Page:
All Title Author
Keywords Abstract

Publish in OALib Journal
ISSN: 2333-9721
APC: Only $99


Relative Articles


Error-Free Training via Information Structuring in the Classification Problem

DOI: 10.4236/jilsa.2018.103005, PP. 81-92

Keywords: Classification Algorithms, Granular Computing, Invariants of Matrix Data, Data Processing

Full-Text   Cite this paper   Add to My Lib


The present paper solves the training problem that comprises the initial phases of the classification problem using the data matrix invariant method. The method is reduced to an approximate “slicing” of the information contained in the problem, which leads to its structuring. According to this method, the values of each feature are divided into an equal number of intervals, and lists of objects falling into these intervals are constructed. Objects are identified by a set of numbers of intervals, i.e., indices, for each feature. Assuming that the feature values within any interval are approximately the same, we calculate frequency features for objects of different classes that are equal to the frequencies of the corresponding indices. These features allow us to determine the frequency of any object class as the sum of the frequencies of the indices. For any number of intervals, the maximum frequency corresponds to a class object. If the features do not contain repeated values, the error rate of training tends to zero for an infinite number of intervals. If this condition is not fulfilled, a preliminary randomization of the features should be carried out.


[1]  Bishop, C. (2006) Pattern Recognition and Machine Learning. Springer, Berlin, 738.
[2]  Hastie, T., Tibshirani, R. and Friedman, J. (2009) The Elements of Statistical Learning: Data Mining, Inference, and Prediction. 2nd Edition, Springer, Berlin, 764.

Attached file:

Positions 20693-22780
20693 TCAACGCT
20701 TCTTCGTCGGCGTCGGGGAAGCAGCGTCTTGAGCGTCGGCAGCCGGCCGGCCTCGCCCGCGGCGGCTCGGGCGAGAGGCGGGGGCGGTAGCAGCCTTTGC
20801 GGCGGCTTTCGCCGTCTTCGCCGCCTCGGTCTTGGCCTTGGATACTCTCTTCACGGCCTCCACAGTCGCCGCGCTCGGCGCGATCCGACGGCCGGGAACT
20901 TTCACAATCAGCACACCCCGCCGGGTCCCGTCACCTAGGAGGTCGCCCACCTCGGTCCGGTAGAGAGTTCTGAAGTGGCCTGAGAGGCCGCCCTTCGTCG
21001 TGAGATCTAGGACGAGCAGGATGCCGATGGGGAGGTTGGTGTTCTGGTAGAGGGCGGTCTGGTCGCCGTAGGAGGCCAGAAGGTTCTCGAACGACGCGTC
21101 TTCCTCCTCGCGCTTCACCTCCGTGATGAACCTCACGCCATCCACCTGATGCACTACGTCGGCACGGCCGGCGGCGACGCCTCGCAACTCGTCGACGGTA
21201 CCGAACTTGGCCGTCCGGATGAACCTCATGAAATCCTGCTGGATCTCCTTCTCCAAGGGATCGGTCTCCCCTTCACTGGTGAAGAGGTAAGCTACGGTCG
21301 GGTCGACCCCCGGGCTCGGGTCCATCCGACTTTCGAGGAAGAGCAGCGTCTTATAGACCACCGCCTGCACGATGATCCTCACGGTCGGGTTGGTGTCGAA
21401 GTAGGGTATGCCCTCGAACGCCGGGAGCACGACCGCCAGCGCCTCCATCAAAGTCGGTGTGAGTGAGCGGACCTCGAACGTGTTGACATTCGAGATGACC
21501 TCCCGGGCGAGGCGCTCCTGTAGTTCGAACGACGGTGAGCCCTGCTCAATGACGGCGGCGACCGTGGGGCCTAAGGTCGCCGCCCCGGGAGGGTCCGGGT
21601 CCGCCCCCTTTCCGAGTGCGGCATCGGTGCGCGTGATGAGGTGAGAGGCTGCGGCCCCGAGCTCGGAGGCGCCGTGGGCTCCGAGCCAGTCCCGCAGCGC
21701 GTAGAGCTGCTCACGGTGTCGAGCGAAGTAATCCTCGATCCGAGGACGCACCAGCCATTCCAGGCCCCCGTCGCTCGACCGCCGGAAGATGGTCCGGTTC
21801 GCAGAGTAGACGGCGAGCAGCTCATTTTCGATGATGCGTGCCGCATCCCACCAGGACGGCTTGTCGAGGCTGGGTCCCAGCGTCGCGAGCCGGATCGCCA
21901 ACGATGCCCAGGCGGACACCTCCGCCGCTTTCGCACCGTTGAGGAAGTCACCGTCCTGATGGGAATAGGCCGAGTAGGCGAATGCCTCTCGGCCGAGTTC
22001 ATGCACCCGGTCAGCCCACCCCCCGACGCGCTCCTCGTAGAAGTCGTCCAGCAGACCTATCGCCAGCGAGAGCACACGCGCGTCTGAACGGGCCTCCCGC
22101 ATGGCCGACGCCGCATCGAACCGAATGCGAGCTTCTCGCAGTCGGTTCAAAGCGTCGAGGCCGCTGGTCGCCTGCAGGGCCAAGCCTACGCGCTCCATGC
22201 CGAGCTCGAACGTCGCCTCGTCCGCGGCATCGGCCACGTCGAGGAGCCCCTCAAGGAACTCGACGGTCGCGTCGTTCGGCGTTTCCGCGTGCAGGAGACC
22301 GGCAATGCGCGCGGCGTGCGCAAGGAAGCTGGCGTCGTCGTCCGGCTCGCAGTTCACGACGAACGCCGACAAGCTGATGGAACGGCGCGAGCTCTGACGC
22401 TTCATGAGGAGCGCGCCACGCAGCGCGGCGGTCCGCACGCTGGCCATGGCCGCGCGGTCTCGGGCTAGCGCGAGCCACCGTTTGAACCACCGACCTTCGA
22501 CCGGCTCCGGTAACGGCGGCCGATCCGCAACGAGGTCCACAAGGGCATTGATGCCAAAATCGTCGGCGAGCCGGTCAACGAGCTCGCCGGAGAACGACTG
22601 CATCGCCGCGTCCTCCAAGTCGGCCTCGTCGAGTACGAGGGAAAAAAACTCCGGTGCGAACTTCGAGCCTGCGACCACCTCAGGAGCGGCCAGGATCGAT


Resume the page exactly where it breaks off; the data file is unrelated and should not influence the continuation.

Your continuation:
[3]  Murphy, K. (2012) Machine Learning. A Probabilistic Perspective. MIT Press, Cambridge, Massachusetts, London, 1098.
[4]  Shats, V.N. (2016) Invariants of Matrix Data in the Classification Problem. Stochastic Optimization in Informatics, 12, 17-32.
[5]  Shats, V.N. (2017) Classification Based on Invariants of the Data Matrix. Journal of Intelligent Learning Systems and Applications, 9, 35-46.
[6]  Zadeh, L. (1979) Fuzzy Sets and Information Granularity. In: Gupta, N., Ragade, R. and Yager, R., Eds., Advances in Fuzzy Set Theory and Applications, World Science Publishing, Amsterdam, 3-18.
[7]  Yao, J., Vasiliacos, V. and Pedrycz, W. (2013) Granular Computing: Perspective and Challenges. IEEE Transactions on Cybernetics, 43, 1977-1989.
[8]  Ashby, W.R. (1957) An Introduction to Cybernetics. 2nd Edition, Chapman and Hall, London, 294.
[9]  Shats, V.N. (2018) The Classification of Objects Based on a Model of Perception. In: Kryzhanovsky, B., Dunin-Barkowski, W. and Redko, V., Eds., Advances in Neural Computation, Machine Learning, and Cognitive Research, Studies in Computational Intelligence, Springer, Cham, 3-8.
[10]  Asuncion, A. and Newman, D.J. (2007) UCI Machine Learning Repository. Irvine University of California, Irvine.
[11]  Lopez, V., Fernandez, A., Garcia, S., Palade V. and Herrera F. (2013) An Insight into Classification with Imbalanced Data: Empirical Results and Current Trends on Using Data Intrinsic Characteristics. Information Sciences, 250, 113-141.
[12]  Anderson, J.A. (2003) Discrete Mathematics with Combinatorics. Prentice Hall, Upper Saddle River, NJ, 784.


comments powered by Disqus

Contact Us


WhatsApp +8615387084133

WeChat 1538708413